• Flop: The first three community cards to appear on the board in a game of Texas Hold ‘em or Omaha; can also be used as a verb to describe the hitting of a hand during those first three cards
  • Heads Up: When only two players remain in a hand
  • Hole Cards: Cards dealt face-down to a player in the beginning of a round of betting. They are unique to the player to which they are dealt
  • In the Money: Finishing a tournament placed high enough to earn prize money
  • Limp: To simply call a big blind rather than fold or raise
  • Muck: To fold your cards without showing your hand. Can also be phrased as throwing one’s cards “into the muck”
  • Option: Used to describe the final player to act’s decision to check and see a free card or raise the pot
  • Outs: Cards that have yet to be drawn that could give a player the winning hand
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Position is the location of the player’s seat, relative to the dealer.

  • Position: The player’s seat location in relevance to the dealer. Players sat to the immediate left of the dealer are said to have early or “weak” position, while those further down the table’s rotation are said to have late or “strong” position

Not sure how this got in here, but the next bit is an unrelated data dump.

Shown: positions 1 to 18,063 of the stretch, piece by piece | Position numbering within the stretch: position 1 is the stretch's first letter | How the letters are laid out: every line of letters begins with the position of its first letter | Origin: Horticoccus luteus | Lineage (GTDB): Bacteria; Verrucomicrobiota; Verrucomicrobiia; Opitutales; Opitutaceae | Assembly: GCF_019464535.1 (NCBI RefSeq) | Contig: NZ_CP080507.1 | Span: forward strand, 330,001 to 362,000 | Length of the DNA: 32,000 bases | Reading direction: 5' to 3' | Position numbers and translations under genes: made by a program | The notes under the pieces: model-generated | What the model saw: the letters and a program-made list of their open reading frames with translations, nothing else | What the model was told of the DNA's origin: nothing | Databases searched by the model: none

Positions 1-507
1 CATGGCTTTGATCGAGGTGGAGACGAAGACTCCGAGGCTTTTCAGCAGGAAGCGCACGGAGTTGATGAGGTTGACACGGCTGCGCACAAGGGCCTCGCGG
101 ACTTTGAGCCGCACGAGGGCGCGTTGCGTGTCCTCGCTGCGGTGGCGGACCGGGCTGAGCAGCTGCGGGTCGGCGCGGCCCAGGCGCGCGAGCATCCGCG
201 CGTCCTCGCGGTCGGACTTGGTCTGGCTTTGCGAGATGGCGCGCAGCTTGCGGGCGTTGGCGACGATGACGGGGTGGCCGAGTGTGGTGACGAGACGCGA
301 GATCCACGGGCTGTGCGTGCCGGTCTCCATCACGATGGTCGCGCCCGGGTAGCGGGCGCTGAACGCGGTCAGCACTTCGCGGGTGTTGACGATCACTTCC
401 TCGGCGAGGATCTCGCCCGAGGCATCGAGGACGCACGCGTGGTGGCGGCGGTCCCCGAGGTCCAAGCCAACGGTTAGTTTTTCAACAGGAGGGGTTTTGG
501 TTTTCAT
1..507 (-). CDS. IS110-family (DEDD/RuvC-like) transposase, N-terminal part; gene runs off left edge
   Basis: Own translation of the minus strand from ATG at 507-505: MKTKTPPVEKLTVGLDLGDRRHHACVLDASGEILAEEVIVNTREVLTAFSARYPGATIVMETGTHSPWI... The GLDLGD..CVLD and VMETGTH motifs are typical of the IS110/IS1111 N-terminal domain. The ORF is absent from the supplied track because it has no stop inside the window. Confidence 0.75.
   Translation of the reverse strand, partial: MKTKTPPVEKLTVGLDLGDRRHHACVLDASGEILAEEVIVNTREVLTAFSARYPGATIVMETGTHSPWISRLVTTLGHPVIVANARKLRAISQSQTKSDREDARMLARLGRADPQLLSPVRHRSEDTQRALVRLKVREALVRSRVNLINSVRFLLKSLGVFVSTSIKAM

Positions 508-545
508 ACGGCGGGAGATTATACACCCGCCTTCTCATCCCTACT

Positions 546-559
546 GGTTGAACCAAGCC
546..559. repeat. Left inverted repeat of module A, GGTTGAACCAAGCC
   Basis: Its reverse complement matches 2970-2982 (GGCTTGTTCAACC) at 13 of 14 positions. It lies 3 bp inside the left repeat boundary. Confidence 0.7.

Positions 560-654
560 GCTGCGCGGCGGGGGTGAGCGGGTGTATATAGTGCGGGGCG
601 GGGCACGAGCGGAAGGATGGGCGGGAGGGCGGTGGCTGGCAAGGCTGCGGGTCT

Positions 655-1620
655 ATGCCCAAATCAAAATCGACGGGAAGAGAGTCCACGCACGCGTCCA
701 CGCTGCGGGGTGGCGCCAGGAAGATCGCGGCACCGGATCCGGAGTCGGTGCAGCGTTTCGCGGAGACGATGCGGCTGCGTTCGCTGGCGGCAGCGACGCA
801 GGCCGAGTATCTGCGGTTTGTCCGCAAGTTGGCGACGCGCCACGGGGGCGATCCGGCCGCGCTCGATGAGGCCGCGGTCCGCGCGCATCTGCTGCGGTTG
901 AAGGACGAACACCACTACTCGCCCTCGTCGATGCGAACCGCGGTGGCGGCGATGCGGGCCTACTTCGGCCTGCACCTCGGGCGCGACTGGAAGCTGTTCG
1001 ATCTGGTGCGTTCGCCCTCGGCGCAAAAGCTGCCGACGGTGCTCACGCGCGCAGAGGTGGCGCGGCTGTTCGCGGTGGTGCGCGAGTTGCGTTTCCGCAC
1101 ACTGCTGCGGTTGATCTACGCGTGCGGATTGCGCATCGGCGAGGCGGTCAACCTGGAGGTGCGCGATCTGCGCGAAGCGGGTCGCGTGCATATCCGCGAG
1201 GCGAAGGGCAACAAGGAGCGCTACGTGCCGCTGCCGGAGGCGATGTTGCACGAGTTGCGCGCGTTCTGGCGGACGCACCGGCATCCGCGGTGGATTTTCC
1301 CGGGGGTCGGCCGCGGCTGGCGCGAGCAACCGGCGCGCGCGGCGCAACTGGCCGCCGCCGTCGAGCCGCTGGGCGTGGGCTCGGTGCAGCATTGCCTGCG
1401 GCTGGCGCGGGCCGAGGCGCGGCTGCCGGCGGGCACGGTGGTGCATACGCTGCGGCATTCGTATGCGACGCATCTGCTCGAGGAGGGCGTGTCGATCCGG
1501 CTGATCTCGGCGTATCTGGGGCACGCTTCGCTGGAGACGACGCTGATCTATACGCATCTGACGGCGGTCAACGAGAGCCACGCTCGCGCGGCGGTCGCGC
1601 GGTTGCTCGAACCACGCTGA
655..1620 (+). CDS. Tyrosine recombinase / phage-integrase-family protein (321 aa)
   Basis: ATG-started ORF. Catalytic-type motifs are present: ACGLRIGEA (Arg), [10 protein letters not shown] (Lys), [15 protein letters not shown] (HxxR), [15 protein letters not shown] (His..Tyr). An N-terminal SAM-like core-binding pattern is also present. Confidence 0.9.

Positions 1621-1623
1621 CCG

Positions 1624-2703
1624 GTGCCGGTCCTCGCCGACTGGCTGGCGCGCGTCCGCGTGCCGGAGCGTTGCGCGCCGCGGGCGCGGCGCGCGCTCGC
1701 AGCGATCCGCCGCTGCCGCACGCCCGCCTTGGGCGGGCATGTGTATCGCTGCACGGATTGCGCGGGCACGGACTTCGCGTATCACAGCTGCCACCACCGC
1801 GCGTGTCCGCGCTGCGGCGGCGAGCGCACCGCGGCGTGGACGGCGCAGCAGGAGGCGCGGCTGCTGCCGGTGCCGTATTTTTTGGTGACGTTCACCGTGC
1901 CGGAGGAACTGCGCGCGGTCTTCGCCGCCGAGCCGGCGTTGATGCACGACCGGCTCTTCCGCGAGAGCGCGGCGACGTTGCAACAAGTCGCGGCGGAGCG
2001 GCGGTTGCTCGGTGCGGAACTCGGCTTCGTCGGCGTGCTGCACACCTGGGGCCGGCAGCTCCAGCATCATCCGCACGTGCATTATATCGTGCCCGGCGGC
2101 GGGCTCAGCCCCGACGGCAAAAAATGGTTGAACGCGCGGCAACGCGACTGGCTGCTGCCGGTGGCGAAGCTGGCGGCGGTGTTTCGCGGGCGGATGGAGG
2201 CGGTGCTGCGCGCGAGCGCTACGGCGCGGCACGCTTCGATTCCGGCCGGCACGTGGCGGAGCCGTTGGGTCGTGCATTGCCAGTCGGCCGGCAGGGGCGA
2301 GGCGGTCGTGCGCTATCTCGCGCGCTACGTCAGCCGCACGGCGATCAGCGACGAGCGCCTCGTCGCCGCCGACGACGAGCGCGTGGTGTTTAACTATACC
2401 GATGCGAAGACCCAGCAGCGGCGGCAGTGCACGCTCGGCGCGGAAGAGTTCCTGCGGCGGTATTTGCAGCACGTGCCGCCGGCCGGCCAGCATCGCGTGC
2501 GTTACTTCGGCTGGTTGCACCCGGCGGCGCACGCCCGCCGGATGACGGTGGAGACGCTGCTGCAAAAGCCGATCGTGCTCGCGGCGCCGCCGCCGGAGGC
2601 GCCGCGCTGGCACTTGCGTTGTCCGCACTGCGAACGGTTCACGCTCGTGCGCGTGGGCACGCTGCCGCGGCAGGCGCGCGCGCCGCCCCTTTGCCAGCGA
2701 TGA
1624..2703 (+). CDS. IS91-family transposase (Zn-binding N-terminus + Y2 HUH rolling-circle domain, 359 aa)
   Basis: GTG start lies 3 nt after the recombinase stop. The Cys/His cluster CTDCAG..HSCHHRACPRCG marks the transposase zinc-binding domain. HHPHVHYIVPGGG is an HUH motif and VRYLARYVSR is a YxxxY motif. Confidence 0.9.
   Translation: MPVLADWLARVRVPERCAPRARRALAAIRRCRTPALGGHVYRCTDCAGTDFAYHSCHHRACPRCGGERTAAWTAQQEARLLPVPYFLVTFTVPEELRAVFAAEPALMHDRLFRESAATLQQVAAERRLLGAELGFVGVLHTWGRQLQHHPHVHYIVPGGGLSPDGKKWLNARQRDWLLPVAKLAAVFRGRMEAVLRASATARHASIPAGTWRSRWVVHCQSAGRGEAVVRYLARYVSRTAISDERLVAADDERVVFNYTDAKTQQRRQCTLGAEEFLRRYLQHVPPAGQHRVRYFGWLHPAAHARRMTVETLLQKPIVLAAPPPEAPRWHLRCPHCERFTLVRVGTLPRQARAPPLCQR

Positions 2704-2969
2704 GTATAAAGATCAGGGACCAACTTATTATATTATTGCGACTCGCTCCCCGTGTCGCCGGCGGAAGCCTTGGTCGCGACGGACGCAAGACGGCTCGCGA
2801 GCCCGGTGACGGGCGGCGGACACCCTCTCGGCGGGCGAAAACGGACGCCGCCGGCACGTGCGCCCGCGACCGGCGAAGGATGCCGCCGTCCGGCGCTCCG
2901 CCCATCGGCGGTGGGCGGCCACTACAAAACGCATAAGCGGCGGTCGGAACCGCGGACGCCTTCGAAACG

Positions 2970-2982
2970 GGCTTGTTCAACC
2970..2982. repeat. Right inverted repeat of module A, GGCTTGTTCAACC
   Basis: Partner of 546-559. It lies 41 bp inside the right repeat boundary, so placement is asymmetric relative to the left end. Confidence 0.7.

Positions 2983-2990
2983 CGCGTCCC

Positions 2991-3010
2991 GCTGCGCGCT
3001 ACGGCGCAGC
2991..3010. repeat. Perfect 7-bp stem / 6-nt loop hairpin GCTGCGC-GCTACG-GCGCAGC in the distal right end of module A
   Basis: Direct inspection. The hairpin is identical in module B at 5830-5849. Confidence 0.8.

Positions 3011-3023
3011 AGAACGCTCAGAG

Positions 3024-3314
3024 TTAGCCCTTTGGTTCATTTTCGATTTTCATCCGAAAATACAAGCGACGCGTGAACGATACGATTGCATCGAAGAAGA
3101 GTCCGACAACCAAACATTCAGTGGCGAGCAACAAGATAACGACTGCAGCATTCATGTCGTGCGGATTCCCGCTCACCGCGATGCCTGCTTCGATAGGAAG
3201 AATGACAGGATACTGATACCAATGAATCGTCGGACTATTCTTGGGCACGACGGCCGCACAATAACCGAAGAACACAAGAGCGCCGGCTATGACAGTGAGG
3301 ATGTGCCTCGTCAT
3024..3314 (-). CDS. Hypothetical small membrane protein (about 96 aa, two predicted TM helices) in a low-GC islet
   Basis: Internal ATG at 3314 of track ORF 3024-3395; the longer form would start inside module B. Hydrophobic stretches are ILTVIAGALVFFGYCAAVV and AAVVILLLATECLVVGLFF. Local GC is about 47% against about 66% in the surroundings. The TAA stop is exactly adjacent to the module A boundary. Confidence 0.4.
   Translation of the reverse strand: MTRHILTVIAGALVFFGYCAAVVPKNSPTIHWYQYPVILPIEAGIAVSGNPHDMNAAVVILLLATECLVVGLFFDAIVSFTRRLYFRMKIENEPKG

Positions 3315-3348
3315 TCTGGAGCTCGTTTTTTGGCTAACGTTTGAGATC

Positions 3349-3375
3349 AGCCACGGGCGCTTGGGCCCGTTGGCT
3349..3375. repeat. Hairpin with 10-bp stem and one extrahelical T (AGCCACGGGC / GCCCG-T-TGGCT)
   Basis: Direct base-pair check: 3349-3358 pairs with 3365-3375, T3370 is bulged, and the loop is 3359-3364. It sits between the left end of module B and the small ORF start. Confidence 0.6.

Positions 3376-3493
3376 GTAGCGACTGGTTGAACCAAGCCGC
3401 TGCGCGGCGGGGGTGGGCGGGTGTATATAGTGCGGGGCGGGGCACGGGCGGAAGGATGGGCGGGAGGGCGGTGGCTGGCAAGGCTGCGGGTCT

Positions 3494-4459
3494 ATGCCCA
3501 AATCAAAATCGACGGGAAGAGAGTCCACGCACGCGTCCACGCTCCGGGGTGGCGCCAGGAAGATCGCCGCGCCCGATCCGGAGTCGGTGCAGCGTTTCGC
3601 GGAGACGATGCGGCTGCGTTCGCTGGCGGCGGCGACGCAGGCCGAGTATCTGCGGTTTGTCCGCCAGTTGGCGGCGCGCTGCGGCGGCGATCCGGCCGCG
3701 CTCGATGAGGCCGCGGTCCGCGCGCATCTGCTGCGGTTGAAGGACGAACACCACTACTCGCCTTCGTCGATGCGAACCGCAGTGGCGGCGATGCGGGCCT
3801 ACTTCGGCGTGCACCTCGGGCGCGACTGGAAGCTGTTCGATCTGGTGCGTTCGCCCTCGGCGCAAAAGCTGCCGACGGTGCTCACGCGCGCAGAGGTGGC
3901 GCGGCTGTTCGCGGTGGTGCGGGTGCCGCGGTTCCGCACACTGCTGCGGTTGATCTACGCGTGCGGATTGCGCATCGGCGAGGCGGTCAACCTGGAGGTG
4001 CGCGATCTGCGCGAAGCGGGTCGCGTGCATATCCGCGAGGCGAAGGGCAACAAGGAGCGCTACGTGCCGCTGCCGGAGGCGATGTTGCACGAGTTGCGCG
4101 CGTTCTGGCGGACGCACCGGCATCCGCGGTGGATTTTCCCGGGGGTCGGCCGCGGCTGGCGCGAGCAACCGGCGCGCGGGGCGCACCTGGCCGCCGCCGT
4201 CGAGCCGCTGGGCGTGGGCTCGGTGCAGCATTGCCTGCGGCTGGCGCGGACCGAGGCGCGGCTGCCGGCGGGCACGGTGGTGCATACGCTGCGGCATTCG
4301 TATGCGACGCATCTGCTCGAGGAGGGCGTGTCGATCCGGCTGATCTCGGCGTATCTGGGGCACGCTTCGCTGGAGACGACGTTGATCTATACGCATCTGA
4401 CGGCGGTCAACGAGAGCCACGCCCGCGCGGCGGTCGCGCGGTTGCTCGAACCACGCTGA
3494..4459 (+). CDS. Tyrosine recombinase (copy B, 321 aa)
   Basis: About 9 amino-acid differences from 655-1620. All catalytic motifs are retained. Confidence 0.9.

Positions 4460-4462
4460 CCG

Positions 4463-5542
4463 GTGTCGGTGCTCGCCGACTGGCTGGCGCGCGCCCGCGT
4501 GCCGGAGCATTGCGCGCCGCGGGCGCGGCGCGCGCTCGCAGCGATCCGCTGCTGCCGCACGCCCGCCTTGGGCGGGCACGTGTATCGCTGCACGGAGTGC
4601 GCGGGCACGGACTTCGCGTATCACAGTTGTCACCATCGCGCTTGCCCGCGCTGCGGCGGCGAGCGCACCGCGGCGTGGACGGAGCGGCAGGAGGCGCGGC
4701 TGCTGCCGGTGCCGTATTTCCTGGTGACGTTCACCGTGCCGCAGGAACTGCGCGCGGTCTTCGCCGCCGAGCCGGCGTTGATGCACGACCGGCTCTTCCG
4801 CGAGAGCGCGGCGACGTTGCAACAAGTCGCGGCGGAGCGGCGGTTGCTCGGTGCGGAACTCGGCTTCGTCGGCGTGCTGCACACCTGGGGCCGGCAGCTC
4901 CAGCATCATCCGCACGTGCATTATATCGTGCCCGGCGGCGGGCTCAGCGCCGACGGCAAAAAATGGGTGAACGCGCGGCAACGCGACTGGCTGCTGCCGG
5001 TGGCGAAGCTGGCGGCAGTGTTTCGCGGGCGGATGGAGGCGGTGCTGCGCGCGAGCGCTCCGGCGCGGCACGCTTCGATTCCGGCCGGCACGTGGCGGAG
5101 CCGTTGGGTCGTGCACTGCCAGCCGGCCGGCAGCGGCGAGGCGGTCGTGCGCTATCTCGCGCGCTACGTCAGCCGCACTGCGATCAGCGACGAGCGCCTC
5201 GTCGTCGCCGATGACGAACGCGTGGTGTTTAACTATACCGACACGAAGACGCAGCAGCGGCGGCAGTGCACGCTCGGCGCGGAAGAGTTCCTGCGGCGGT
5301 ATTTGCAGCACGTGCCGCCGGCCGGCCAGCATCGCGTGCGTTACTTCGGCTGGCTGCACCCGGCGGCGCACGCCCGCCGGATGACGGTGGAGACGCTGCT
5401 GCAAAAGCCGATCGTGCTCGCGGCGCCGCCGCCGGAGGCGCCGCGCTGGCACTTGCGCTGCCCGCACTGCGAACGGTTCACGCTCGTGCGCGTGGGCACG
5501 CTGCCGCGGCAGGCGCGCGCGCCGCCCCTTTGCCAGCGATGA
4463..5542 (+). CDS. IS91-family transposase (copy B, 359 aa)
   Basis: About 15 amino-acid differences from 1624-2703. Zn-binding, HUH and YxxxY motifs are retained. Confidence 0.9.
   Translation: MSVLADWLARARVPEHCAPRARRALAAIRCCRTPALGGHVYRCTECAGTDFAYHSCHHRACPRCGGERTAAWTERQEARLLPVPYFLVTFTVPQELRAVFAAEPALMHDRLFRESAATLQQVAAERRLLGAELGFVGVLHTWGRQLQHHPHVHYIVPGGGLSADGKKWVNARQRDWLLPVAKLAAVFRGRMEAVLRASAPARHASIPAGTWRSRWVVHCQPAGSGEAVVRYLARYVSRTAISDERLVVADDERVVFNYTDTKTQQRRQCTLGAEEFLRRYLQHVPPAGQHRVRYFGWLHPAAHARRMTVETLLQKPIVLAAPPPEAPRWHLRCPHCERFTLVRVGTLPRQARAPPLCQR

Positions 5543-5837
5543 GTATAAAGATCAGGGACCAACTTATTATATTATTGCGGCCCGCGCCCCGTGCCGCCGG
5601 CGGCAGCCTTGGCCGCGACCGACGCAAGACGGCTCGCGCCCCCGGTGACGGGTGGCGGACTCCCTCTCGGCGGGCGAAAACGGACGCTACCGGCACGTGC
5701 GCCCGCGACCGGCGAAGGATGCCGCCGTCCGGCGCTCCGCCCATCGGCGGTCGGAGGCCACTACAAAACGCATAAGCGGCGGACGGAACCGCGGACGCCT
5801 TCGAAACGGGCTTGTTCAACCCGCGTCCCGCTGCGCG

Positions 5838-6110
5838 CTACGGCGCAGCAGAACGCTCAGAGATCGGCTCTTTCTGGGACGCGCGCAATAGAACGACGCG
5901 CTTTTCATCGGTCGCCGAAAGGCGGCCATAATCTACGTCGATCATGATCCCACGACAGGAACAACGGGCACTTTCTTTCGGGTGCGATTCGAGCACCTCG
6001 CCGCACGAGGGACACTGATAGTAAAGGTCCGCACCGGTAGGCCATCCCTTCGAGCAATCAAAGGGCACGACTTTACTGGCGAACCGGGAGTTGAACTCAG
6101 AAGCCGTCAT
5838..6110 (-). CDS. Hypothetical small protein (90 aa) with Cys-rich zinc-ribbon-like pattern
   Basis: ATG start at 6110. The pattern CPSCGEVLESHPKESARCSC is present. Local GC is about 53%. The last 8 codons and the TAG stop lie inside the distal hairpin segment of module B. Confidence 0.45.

• Post: To place one’s blind or ante into the pot
  • Protect: Usually used to describe one’s blinds, a player protects his or her investment by placing more money into a pot to ensure that their initial bet (i.e. blinds) are not lost without a fight
  • Push: To move all-in
  • Rabbit Hunt: To deal the remainder of the community cards once a hand has been completed. This is viewed as an amateur suggestion, and is therefore not allowed in most (if not all) professional card rooms.
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The first three community cards dealt are called the flop.

  • Rainbow: When the first three or four community cards fail to feature two cards of any given suit.
  • Raise: To one-up the current bet on the table with additional chips. Unlike the simple bet, a raise can only happen when another player has already placed a wager.
  • Read: An understanding of an opponent’s hand strength. Can be based on tells, behavior during previous hands, etc.
  • Represent: To make a bet or some subtle action to suggest to one’s opponents that they have a particular card or cards (similar to a bluff)
  • River: The final card dealt in games with community card, such as Omaha and Texas Hold ‘em
  • Runner-Runner: When the final two cards of a community board (the turn and river) combine to give one player the winning hand.
  • Satellite: A tournament wherein the prize is entry into another tournament
  • Shorthanded: When a table is not entirely full